Instead, with one candidate so far ahead in the polls, the real enemies are apathy and cynicism.
It would be easy for the Irish Echo to endorse Fernando Ferrer. He is the Democratic candidate in a Democrat-leaning city. He is hardworking, with a decent record at local level. He is a friend of Ireland.
It would be easier still for the Irish Echo to endorse Michael Bloomberg. He has been an excellent mayor, bringing his business acumen to the urgent task of nurturing new businesses and jobs, and banishing much of the racial tension of the past. He, too, is a friend of Ireland. He is also a friend of the Irish Echo newspaper, and celebrated our 75th anniversary with us.
Bloomberg has managed to self-finance his own campaign, thanks to his considerable wealth, while Ferrer has relied on donations and public money, which carries its own weight in terms of favors repaid. Up until recently, we have been spared from an uncouth campaign. Now TV ads that border on salacious are on the air, and perhaps had Ferrer boasted his ideas sooner, the numbers would not be so telling.
There should be pressure on the winner; whichever man that may be, to bring ideas to City Hall. Yes, the streets are safer, education standards are considerably higher, and development is at an all-time high. Perhaps it is more important now to consider the future of a city boasting such staggering growth. The people who will be here long after the next mayor has left office will be responsible for continuing what should be a positive track.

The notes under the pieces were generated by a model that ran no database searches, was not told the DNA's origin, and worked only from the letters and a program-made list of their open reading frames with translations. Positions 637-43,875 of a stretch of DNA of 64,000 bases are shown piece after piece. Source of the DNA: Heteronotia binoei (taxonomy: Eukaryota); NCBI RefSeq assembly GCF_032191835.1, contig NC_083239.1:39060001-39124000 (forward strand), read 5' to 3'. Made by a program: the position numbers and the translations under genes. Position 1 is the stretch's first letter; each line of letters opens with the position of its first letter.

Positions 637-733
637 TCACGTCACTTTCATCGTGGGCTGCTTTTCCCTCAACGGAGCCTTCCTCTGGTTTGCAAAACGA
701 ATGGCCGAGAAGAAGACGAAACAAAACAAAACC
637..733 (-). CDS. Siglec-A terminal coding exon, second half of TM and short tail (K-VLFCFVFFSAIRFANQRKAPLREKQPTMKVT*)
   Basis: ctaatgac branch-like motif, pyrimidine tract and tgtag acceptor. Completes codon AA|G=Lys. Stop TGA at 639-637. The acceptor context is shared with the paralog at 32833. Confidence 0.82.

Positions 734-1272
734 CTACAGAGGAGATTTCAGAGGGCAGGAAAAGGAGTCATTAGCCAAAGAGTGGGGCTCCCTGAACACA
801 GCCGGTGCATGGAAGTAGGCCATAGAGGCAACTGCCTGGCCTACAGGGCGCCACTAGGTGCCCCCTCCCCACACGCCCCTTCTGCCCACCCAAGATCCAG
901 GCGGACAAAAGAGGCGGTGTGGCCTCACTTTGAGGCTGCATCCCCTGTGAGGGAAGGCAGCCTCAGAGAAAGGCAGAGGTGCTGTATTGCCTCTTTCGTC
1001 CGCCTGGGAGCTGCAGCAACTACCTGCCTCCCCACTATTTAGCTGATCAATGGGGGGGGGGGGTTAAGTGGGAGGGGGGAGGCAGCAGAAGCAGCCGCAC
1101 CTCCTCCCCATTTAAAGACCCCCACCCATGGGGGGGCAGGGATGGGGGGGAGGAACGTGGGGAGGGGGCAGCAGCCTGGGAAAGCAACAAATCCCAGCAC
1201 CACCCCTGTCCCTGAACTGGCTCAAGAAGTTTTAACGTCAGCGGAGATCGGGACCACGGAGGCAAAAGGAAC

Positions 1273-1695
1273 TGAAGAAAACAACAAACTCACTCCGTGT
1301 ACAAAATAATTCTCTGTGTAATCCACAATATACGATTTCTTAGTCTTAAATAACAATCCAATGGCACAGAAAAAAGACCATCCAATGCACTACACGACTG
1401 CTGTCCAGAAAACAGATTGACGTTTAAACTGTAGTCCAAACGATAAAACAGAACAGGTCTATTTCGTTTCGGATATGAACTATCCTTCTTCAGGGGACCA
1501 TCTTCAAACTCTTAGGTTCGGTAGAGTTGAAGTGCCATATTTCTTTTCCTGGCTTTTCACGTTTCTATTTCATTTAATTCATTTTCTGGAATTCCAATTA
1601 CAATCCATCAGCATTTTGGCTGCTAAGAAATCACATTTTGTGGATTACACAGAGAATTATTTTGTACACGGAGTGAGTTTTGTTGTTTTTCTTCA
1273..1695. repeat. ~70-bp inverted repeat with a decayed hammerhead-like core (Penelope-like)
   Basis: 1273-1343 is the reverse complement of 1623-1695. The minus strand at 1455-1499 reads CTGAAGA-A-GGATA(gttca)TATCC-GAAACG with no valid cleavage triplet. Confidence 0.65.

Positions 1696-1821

That responsibility leads up to this newspaper’s stance for Tuesday’s election.
This newspaper chooses to urge our readers in the famous five boroughs of New York to do one thing on polling day: Vote.
Irish-America has fought long and hard, for many decades, for the political influence our community now wields. Our Saint Patrick’s Day Parade is magnificent, the pride of Ireland and the best in the world. But above all it is a display of cultural, social, and political strength.
But in a democracy like the United States, all political influence stems from one source — the voting booth.
And so we urge our readers: Never mind those who say Bloomberg is so far ahead it “doesn’t matter” whether you vote or not. Pay no heed to those who snipe from the sidelines and say they have “better things to do” than exercise the democracy for which our forbearers fought.
Yes, it does matter. Yes, your vote will count.